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What literary theories are used in Never Let Me Go?

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Never Let Me Go explores prominent ideas in postmodern literature and philosophy by examining ambiguous questions of existence and how those with power in society depend upon the complacency of those without it. In particular, postmodern theorist Michel Foucault’s ideas regarding the rise of engrained, often unforeseen, human-made systems of oppression apply to many of the themes in this novel.

In Never Let Me Go, systems of domination significantly dictate how the characters live their lives. What stands out about this novel is the how complacent the clones are with the terribly bleak reality that aggressively faces each of them. Rather than rebelling against the system or defending the worth of their existence as humans with souls, the clones conditionally sacrifice their organs and their lives to maintain society’s supposedly efficient, yet ethically dubious, system of organ recycling.

Exploiting methods of bodily deterioration exhibits the impact of what Michel Foucault terms “techniques of domination” which he believes “permit individuals to effect, by their own means, a certain number of operations on their own bodies, on their own souls, on their own thoughts, on their own conduct, and this in a manner so as to transform themselves, modify themselves, and to attain a certain state of perfection, of happiness, of purity, of supernatural power” (Foucault 203). Through casting clones in the position of complying with their role as expendable organ donors, Ishiguro’s fictional world in Never Let Me Go exemplifies how these “techniques of domination” are implemented in society.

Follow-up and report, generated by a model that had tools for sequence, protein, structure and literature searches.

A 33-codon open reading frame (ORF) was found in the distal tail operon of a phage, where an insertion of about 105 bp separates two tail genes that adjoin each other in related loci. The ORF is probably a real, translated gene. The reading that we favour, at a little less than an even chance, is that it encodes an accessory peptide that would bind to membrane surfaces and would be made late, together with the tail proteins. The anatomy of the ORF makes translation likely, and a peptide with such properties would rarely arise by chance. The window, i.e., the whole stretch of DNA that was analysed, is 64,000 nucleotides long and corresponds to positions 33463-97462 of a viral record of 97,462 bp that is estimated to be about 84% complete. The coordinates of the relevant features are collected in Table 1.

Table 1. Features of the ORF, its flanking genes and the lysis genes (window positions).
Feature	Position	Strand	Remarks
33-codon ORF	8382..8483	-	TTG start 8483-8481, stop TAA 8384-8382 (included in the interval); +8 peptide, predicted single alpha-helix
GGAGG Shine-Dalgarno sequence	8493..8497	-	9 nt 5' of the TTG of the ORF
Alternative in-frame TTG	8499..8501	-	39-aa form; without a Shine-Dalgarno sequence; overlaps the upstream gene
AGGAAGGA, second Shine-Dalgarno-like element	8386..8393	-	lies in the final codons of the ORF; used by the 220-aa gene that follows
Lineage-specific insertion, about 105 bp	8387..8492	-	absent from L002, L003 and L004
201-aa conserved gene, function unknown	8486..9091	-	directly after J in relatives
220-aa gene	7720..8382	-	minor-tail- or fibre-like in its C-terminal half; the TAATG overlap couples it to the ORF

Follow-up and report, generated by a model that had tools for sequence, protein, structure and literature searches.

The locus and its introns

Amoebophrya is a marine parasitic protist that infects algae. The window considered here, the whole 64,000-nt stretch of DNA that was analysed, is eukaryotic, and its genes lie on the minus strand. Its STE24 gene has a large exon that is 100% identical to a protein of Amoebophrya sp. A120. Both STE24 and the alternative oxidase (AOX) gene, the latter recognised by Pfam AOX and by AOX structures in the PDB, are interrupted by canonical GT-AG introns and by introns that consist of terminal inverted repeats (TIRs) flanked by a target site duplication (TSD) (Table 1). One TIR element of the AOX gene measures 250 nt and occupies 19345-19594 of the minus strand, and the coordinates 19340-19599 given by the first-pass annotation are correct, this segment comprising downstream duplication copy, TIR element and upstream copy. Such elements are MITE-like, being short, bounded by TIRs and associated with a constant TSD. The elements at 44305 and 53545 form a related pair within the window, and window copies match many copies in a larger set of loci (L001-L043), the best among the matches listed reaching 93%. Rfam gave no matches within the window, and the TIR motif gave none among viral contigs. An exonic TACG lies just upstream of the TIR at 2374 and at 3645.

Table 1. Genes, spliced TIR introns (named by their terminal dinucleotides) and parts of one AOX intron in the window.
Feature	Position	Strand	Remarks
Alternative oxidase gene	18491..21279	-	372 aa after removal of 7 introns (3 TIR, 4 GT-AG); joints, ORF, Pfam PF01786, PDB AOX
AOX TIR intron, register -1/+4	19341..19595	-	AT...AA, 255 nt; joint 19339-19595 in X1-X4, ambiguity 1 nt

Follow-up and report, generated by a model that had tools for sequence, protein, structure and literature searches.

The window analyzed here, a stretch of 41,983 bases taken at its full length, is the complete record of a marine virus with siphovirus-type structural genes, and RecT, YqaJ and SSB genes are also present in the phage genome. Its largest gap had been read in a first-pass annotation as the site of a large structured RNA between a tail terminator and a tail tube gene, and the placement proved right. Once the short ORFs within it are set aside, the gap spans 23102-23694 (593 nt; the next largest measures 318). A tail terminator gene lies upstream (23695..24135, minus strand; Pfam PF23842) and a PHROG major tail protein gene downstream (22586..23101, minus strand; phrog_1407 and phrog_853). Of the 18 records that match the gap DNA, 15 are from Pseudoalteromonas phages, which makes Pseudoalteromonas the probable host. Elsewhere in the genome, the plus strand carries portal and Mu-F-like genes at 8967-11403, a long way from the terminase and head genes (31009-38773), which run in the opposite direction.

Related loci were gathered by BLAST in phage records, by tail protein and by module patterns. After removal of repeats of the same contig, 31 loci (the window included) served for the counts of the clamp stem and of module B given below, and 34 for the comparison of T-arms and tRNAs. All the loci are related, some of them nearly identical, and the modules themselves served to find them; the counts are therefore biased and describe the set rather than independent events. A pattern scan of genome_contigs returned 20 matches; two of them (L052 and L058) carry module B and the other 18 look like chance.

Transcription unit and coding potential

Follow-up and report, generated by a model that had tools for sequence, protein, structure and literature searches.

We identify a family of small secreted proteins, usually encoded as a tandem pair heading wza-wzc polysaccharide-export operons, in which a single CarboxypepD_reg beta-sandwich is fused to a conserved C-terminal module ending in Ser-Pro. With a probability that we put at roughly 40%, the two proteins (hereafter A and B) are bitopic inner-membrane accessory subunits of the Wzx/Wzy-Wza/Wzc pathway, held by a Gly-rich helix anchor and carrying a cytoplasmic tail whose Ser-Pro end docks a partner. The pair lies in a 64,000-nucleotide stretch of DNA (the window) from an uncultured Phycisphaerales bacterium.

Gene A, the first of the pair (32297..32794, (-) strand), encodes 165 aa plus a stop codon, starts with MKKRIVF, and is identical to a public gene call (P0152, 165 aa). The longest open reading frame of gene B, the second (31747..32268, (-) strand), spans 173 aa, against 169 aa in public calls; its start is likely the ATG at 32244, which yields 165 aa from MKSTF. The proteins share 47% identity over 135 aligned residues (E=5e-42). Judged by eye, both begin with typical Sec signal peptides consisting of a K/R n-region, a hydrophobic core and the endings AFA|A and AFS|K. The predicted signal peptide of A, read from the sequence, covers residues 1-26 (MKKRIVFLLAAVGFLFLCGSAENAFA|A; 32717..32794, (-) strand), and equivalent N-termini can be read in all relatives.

In Never Let Me Go, the harsh realities of cloning in a dystopian environment exemplify the ways that societal power structures dictate individual autonomy. Both Ishiguro and Foucault address postmodern theories regarding social conditioning and the nature of existence, especially by depicting how humans create systems to morally justify feeding on the less powerful for survival.

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